Wa Lone and Kyaw Soe Oo earlier this month shared with their colleagues the Pulitzer Prize for international reporting, one of journalism's highest honors. The reporters were arrested in December 2017 and sentenced last September after being accused of illegally possessing official documents, a violation of a colonial-era law.
The court did not given a reason for its decision, which was quickly decried by rights advocates.
"Wa Lone and Kyaw Soe Oo should never have been arrested, much less prosecuted, for doing their jobs as investigative journalists," said Phil Robertson, deputy Asia director for New York-based Human Rights Watch. "Sadly, when it comes to media freedom, both Myanmar's military and the civilian government seem equally determined to extinguish any ability to question their misrule and rights violations."
Wa Lone and Kyaw Soe Oo, who are being held in a prison in Yangon, were not present for the ruling, but their wives were. Kyaw Soe Oo's wife, Chit Su, broke down in tears when the ruling was read.
"Both he and I hoped for the best," Chit Su told reporters. "I am terribly sad for this decision."
Wa Lone, 32, and Kyaw Soe Oo, 28, had denied the charges against them and contended they were framed by police. International rights groups, media freedom organizations, U.N experts and several governments condemned their conviction as an injustice and an attack on freedom of the press.
"Wa Lone and Kyaw Soe Oo did not commit any crime, nor was there any proof that they did," Gail Gove, Reuters chief counsel, said in a statement after the ruling. "Instead, they were victims of a police setup to silence their truthful reporting. We will continue to do all we can to free them as soon as possible."
Khin Maung Zaw, a lawyer for the two, said the pair could still seek their freedom by petitioning the president's office or the legislature.
President Win Myint could reduce the sentence, order a retrial or have them released. Legislative action for a retrial would be a lengthier, more complicated process.
"I am greatly disappointed by the decision of the court because it damaged very much our country's prestige and our right of information and press freedom," Khin Maung Zaw said. "But I'm not losing hope completely, because all the whole world is on our side. So, as I always said, the case was lost, but the cause was won throughout the whole world. "
Myanmar's military launched a brutal counterinsurgency campaign in the western state of Rakhine in 2017, driving more than 700,000 members of the Muslim Rohingya minority to flee to Bangladesh.
The Reuters reporters had worked on an investigation of the killing of 10 Rohingya villagers in Inn Din village, for which the government last year said seven soldiers were sentenced to up 10 years in prison with hard labor.
Investigators working for the U.N.'s top human rights body said last year that genocide charges should be brought against senior Myanmar military officers, while other critics accused the army of ethnic cleansing.
The military has denied committing human rights abuses and says its campaign was a response to a series of attacks on security personnel by Rohingya insurgents. Many in Buddhist-dominated Myanmar supported the military and bristled at worldwide condemnation of the military's alleged wrongdoing.
The U.S. Embassy in Myanmar, citing other recent rulings against a filmmaker and a theater troupe, said the decision was "deeply disappointing."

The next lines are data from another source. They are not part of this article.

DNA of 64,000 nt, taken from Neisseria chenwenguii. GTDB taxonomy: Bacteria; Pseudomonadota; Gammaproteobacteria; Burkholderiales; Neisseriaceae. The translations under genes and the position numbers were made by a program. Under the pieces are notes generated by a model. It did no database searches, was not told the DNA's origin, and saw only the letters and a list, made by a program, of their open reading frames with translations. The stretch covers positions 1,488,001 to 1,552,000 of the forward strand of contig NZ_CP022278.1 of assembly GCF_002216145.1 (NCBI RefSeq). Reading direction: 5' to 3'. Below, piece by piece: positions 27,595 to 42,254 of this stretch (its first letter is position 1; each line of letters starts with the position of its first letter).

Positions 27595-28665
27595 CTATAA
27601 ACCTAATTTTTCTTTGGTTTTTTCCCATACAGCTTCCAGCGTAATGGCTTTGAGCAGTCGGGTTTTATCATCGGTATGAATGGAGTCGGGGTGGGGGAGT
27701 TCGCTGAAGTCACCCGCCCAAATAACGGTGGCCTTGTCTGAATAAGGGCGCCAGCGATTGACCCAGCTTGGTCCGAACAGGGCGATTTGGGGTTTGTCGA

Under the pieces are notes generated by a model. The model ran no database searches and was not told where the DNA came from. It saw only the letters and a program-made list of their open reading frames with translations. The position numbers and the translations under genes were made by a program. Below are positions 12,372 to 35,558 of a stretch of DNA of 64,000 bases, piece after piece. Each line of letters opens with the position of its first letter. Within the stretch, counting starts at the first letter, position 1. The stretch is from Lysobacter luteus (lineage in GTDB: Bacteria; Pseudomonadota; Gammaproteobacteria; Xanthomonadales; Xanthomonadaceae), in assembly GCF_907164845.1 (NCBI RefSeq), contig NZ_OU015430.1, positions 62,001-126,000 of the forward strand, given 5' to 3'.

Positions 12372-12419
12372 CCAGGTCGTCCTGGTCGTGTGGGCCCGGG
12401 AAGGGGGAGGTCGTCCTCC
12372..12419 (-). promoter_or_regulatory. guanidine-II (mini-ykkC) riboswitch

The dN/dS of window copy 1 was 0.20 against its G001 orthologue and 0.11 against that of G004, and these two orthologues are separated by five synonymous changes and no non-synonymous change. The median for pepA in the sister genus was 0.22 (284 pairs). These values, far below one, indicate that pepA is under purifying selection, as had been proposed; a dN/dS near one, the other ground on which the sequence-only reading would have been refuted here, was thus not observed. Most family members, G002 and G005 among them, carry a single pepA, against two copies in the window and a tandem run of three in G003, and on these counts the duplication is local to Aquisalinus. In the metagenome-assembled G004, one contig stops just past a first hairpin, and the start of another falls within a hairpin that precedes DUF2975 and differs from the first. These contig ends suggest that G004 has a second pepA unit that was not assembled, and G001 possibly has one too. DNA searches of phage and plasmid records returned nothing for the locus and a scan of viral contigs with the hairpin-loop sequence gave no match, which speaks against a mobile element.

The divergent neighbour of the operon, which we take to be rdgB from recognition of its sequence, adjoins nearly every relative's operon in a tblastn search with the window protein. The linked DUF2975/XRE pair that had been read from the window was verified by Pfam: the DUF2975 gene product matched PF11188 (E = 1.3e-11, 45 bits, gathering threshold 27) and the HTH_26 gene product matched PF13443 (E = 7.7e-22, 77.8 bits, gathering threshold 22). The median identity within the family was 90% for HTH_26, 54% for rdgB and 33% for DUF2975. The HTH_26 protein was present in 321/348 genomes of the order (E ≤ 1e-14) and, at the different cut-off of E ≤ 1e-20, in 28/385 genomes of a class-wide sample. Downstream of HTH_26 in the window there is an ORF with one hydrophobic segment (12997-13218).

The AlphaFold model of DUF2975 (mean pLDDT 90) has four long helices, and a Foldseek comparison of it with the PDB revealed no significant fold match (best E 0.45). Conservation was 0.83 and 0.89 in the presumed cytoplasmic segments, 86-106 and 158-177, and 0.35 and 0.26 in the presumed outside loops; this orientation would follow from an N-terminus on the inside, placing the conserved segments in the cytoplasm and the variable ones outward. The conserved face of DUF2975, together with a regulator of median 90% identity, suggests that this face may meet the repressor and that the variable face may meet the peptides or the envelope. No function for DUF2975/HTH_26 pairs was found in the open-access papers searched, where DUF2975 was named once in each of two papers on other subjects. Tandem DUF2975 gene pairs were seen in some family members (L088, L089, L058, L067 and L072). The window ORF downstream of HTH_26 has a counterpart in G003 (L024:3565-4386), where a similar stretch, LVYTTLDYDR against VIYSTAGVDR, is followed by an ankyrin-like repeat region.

"Journalism, satire, peaceful protest, and other forms of legitimate expression should not be crimes in a democratic society," it said in a statement.
The reporters' claim that they were framed was supported by surprise testimony from a whistleblower in the police department, Police Capt. Moe Yan Naing, who told the court that his superior had arranged for two policemen to meet the reporters and hand over documents described as "important secret papers" in order to entrap them.
As a result of his testimony, Moe Yan Naing was jailed for a year for violating the Police Disciplinary Act and his family was forced to leave their police housing unit.
A report released in February by Human Rights Watch noted that expectations of a new era of freedom of expression under the government of democracy icon Aung San Suu Kyi remained unfulfilled nearly three years after her party ended more than five decades of harsh military rule.
The military, however, remains powerful and controls key ministries that are not under civilian oversight, such as defense and internal security.
The report said her government has failed to roll back many of the legal restrictions on freedom of speech and assembly, and has instead toughened some of those laws and enacted a new measure limiting free speech.
Journalists have been some of the most high-profile targets. The report cited a Myanmar freedom of expression organization, Athan, as saying that at least 43 journalists had been arrested from when Suu Kyi's government took power in 2016 through last September.
In a new case, the online magazine The Irrawaddy reported Monday that it has been sued by the army for its coverage of recent fighting between the government and the Arakan Army ethnic rebel group.
It said the suit was filed under Article 66(d) of the Telecommunications Law, which provides for up to three years in prison for "extorting, coercing, restraining wrongfully, defaming, disturbing, causing undue influence or threatening any person using a telecommunications network."
There has been an upsurge of fighting since late last year involving attacks by the Arakan Army, which is aligned with Rakhine state's Buddhist population and seeks autonomy for the region.
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